There are two policy issues involved in whether Virginia should expand Medicaid: first, is whether the budget should be the vehicle through which a major new government entitlement program is determined; and second, whether expanding Medicaid is a sound policy overall.
Holding the budget hostage to this debate is serious business. Our elected officials need to decide whether this is the most responsible way to confront this issue, or whether funding schools, police, roads, etc should be approved and then a major debate held on whether to expand, or how to expand, this federal/state program.
Let’s look at some of the issues that a detailed policy debate could focus on if the General Assembly would decouple this Medicaid expansion issue from the state budget.
We are not faced with a health crisis. Those not covered under Medicaid today have access to hospitals and doctors. Emergency rooms are there and many doctors do “charity” work whenever possible. Let’s determine who actually isn’t covered with health care today, who really needs to be covered who are not, what reforms to the current system could be tried so that the many problems with the Medicaid program today aren’t merely increased with any expansion.
The hospitals seem to be faced with a financing headache and it is one that needs to be better understood. Why is that funding headache there in the first place? Federal government cutbacks in Medicare reimbursements? Structural problems within the hospital management system? Insurance rates due to our legal system? Bad business decisions within the hospitals themselves that have impacted the bottom line? Let’s have a full and open accounting so that all of us understand why the hospitals are so adamant to expand Medicaid which is program many doctors are not participating in because it doesn’t cover their costs.
Our Governor suggested a two year pilot program. Most pilot programs are “tests” to see if an idea works or not. Most don’t bring the whole shebang – all 400,000 new people in this case – into a test. Let’s consider some limited pilot programs that can be instituted and tried and see what works best here in Virginia. This requires a serious discussion with experts in the field who have knowledge of how reforms could be instituted here in Virginia. But reforms must be part of this discussion – reforms that are proven; reforms that can resolve the fraud problems within the current program; reforms that will help provide good health care; reforms to the Medicaid long term care system.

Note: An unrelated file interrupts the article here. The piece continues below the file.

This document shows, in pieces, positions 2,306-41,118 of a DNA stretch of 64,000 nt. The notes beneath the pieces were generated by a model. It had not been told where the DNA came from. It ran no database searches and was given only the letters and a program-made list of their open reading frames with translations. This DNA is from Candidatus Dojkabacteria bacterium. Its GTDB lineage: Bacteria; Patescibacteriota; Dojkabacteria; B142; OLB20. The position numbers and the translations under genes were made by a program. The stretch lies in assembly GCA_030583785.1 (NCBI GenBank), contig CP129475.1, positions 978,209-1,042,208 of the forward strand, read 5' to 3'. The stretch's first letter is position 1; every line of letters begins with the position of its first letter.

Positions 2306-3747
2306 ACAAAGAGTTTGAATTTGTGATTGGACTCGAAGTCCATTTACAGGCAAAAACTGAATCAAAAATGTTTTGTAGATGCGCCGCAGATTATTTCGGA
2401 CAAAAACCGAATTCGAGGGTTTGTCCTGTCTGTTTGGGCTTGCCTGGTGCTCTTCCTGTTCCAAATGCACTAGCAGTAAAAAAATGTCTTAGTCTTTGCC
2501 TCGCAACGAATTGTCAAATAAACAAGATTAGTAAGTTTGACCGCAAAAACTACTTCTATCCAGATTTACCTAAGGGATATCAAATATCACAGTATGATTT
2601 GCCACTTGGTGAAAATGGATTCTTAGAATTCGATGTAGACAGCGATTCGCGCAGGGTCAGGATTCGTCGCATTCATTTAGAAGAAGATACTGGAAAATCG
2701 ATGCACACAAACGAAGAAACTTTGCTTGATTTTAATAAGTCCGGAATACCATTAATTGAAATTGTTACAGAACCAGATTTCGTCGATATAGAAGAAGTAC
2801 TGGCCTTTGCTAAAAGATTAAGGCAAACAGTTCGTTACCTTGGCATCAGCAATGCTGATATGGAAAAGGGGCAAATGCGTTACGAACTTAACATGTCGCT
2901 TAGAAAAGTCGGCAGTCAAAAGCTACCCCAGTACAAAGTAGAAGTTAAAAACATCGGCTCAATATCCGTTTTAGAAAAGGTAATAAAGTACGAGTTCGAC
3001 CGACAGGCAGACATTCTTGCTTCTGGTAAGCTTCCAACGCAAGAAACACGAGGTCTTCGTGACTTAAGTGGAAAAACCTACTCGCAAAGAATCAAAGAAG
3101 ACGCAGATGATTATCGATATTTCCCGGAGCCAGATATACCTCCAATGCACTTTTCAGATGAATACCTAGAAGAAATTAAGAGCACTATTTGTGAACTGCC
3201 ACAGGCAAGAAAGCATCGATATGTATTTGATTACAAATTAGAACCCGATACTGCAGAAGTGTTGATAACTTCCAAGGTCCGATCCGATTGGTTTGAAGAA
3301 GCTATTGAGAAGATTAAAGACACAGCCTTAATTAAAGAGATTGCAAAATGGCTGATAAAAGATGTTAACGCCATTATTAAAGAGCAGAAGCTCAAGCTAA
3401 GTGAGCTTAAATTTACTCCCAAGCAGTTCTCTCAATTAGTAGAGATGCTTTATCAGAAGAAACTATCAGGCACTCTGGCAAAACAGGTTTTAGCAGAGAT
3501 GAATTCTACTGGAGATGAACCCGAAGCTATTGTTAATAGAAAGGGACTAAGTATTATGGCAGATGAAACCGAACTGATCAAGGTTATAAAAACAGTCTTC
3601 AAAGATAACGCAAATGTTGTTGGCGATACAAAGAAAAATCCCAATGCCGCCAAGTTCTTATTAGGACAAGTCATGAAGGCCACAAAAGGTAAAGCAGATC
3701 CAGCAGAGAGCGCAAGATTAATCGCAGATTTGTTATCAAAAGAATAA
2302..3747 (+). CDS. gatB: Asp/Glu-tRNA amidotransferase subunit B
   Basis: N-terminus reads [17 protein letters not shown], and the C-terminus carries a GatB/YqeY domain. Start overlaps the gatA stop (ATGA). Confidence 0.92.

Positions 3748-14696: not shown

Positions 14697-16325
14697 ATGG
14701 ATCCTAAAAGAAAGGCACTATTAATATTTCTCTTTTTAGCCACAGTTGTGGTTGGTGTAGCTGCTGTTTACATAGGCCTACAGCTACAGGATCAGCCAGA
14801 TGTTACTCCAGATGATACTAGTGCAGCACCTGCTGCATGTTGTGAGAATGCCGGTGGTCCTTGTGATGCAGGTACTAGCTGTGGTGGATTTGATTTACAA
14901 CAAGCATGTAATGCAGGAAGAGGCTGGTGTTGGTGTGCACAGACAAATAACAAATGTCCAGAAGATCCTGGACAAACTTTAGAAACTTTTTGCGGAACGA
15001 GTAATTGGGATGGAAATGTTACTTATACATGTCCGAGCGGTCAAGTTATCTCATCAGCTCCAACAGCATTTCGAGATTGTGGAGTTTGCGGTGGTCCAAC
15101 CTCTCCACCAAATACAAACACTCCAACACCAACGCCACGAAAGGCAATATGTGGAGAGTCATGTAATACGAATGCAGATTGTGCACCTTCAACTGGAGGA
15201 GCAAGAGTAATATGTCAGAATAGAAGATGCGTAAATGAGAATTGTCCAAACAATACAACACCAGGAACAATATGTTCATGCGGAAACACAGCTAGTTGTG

Some say expanding Medicaid will reduce emergency room visits thus saving a great deal of money. However, it is my understanding that in Oregon when Medicaid was expanded the emergency room visits increased substantially. Let’s find out why and make sure we don’t expand the Medicaid program here in Virginia thinking emergency room visits will decrease when that may well not happen.
We are told that the Senate program will save Virginia hundreds of millions of dollars. But a similar program in Arkansas – which the Virginia Senate seems to rely on – ended up not saving money. That program is already over budget. And as I understand it, the federal government changed the waivers that Arkansas wanted in this program. So what was proposed and what was allowed by the feds was not the same. Let’s find out the facts. Let’s bring in the folks from Arkansas and find out.
Florida has experimented on Medicaid reforms on the local level, doing it in a business-sort-of-way by focusing on limited numbers of people before anything is expanded statewide. How have those reform ideas worked? What kind of savings were found? What role does the federal government have in such reforms and the expansion of these reforms?
Indiana, under former Governor Mitch Daniels, reformed its health care and covered more people as I understand it. But that program is now in doubt because of the federal government may not continue its waivers that allowed this success to take place. Let’s find out what Indiana did. Maybe that is a better way to go than what is suggested by our State Senate. Why is the federal government creating problems with this program if it is successful?
We deserve a full and open discussion on this issue of reforming and possibly expanding Medicaid. It shouldn’t be something forced down our throats with the threat of closing the state government.
A serious discussion and policy debate on expanding Medicaid needs to be held. There is a system set up by the General Assembly last year to do this. Let’s continue that process. Let’s fund our schools, our police, our roads, our parks, etc and let’s tackle the Medicaid issue in a more responsible manner.
Michael Thompson is Chairman of the Springfield-based Thomas Jefferson Institute for Public Policy, a non-partisan, Virginia-focused foundation dealing with the issues of improving education, government reform, economic development and environmental stewardship.